A story about Madeleine Albright
I used to have a series up called Tales of J which were about my late son Jonah. He met Madeleine Albright once, and one of the Tales was about that. The original post was actually two about politics, the other being where we met Senator Obama when he was campaigning for President in 2012, but that one has nothing to do with Madeleine Albright. She died today, and so I’m reprinting this story.
My son was born a few blocks from the White House, in a hospital that closed years ago. He always had a taste for politics, though the pagentry appealed to him far more than the issues did.
When he was four years old and we weren’t local to the District, we went back for some occasion, I think our anniversary, and the three of us went out to dinner in my wife’s and my favorite Washington restaurant, Nora, located in the Dupont Circle neighborhood just up Florida Avenue from the Cosmos Club. This particular restaurant was a Democratic hangout, which had nothing to do with why we loved it – we loved the food, and they knew us there because we’d started going there when we were engaged.
We were seated in a side room, long and narrow. At the end of the room a man was sitting in a chair by himself, no table, his eyes fixed straight ahead down the length of the room, unwavering. As we were being seated, we were led past a table where a woman sat eating; we were seated two tables past her.
“Did you notice who we just passed?” I asked my wife. She hadn’t. “Madeline Albright.” “You’re right.” That explained the guy at the end of the room. This was during the Clinton administration, so she was in office.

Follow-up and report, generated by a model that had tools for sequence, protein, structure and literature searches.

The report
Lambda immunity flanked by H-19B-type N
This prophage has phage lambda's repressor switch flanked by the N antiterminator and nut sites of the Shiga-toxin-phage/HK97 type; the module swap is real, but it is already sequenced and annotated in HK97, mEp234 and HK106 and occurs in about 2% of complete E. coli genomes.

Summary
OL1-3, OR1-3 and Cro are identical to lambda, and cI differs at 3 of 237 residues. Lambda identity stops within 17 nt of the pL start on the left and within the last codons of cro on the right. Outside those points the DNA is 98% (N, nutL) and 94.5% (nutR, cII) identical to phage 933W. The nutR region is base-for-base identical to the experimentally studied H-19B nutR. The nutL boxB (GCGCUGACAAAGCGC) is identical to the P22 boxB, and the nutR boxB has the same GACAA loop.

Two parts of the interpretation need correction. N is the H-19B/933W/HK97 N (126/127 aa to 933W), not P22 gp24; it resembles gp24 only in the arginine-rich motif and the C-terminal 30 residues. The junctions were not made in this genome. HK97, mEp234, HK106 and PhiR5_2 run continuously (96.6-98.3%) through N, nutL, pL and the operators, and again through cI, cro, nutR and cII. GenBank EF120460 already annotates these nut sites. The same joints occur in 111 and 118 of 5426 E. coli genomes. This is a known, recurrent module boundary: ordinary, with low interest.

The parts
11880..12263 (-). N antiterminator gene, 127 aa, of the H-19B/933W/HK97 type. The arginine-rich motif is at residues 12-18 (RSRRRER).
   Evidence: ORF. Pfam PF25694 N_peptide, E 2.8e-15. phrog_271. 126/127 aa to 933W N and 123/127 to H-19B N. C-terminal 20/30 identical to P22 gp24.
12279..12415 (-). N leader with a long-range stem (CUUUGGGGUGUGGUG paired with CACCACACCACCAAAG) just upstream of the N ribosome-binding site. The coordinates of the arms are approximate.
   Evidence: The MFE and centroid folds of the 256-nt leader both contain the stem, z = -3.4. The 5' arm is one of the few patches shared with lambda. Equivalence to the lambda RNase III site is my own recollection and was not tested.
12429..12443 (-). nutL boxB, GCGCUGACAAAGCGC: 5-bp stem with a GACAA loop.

J was charming at that age (at many ages, but he was going through a particularly cute phase). The woman who had front of house that night offered to give him a tour of the restaurant, including the kitchen, which appealed to him, so she grabbed the handles of his wheelchair and off they went.
Somehow during all of this she managed to get permission from the Secretary of State for J to come over and meet her. Was that OK with us? Duh. Have a good time, Kid. So off they went. We, incidentally, didn’t meet her.
So J was wheeled over to her table and chatted with her for a while. In a few minutes, he was wheeled back to us. How did the conversation go? He related it to us. She showed him pictures of her grandchildren. They talked about how neither liked vegetables.
(That would change. J would turn into a serious foodie, the most adventurous young eater I’ve ever seen, unfazed as a child by escargot or raw oysters, a far less picky eater than either his mother or little sister. I got to eat things like gefilte fish because at least one other member of the family would eat it with me and enjoy it. His mother misses having someone so appreciative to cook for – and someone who drove her to try new recipes, particularly if they involved pasta.)
J allowed as how he thought her boss had done a good job on the recent State of the Union address. “I’ll tell him you said so,” she replied.
So we go back home and J is relating the experience to Julie, his speech therapist. He’s talking about visiting the restaurant. He’s telling about how he met the front of house woman (who he named), and the chef, and the pastry chef, and Secretary Albright, and… Julie didn’t catch his articulation, so she asked me for help – What was that last thing he said? “Secretary Albright.” “YOU MET MADELINE ALBRIGHT??!?!!?! THAT IS SO COOL!!!”
From this experience, J learned that, when telling this story, it was a good idea to list Secretary Albright first.
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